Former Foster Youth Pursues Career on Capitol Hill
By Shana Clinton,
and Clementine Perry
Independent Living Specialists
Darrah Hall is a true example of what determination, courage and perseverance looks like. Darrah exited DCS custody at age 15 to Subsidized Permanent Guardianship with her aunt. Darrah was connected with the Office of Independent Living to access the Bright Futures Scholarship funds from DCS.
In May 2014, Darrah earned her Bachelor’s Degree from the University of Memphis with a double major in Anthropology & African and African American Studies.
In 2012, Darrah Hall was selected to participate in a National Youth in Transition Data Conference and represent the State of Tennessee. During this visit, she felt that she belonged in Washington D. C. but was not sure how she would get back there.
Darrah also worked as a Peer Advocate and did contract work with the Court Improvement Program. According to Darrah:
“My experience as a peer advocate for aging-out foster youth in Memphis revealed to me firsthand the powerlessness youth feel and the reasons they refuse to accept extension of foster care services,” Darrah said. “The benefits of extended care include transitional living services and financial aid assistance for school and living expenses and these services are critical for aging-out foster youth who are often more vulnerable to negative outcomes.”
In March 2014, as a Youth Villages Scholar Darrah was selected by Youth Villages Transitional Living to participate in the “In Performance at the White House” workshop hosted by First Lady Michelle Obama. In the Summer of 2014, Darrah participated in the Foster Youth Internship at Congressional Coalition. Darrah worked directly with the Senate Finance Committee under the direction of Domestic Policy Advisor Laura Bernsten, her primary job functions were policy reform related to child welfare and education.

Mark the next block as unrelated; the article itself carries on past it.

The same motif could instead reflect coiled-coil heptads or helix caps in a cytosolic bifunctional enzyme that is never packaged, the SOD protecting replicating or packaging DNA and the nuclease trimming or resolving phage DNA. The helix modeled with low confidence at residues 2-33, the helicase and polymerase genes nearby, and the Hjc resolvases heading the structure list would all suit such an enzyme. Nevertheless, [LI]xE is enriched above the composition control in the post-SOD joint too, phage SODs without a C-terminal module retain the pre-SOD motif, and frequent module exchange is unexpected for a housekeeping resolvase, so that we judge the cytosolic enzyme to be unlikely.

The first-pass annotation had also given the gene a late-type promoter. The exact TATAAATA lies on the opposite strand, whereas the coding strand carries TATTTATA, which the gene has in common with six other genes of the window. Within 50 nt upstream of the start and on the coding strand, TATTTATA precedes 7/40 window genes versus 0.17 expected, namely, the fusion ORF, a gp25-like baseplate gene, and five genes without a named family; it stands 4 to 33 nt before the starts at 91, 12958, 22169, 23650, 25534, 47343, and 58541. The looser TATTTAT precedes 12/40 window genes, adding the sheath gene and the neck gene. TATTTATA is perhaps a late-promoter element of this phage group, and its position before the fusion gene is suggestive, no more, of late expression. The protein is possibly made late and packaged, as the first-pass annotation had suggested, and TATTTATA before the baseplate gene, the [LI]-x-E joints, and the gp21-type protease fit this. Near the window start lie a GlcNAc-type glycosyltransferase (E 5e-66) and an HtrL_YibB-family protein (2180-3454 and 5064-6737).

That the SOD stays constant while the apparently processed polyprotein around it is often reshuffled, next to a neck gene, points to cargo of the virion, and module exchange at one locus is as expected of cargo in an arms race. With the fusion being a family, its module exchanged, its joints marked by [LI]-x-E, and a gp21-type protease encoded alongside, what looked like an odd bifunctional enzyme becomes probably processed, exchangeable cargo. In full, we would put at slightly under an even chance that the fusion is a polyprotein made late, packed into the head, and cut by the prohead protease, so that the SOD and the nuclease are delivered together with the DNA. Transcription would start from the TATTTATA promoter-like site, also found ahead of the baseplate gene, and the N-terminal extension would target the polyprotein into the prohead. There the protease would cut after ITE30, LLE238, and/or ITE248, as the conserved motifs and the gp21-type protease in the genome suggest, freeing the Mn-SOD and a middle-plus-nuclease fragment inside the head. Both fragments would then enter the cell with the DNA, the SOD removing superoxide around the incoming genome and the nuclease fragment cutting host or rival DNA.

During this internship, Darrah requested a conference with Jocelyn Moore the Deputy Chief of Staff for the Senate Finance Committee. Darrah was intrigued by Ms. Moore’s work ethic. During their conference Darrah spoke of her dreams, aspirations, and how she felt being at this crossroad in her life. Darrah was assured that things would work out and it would be possible for her to stay in the Washington D.C. area. As a result of that conference, Darrah was selected by Moore to attend the Senate Hearings.
At the end of her internship, Darrah gave specific recommendations to Congress “To amend the Court Improvement Program to include foster youth age 14 or older in the specialized trainings that are available for judges, attorneys, and other legal personnel. These trainings will help to create more empowered, engaged, confident youth who will be able to work with child welfare professionals in a collaborative way this will ultimately increase youth acceptance of extended foster care.”
Moore took Darrah under her wings as a professional mentor and has offered Darrah housing accommodations so she could pursue working on Capitol Hill. This solidified Darrah’s decision to transition from Tennessee to Washington D. C.
In interviewing Darrah, she recently expressed: “A person should live their life for a selfless purpose to give back to those who are less fortunate. Generosity can take you places that you have never imagined.”
She wants youth in Tennessee to remember to “stay driven and stay focused.”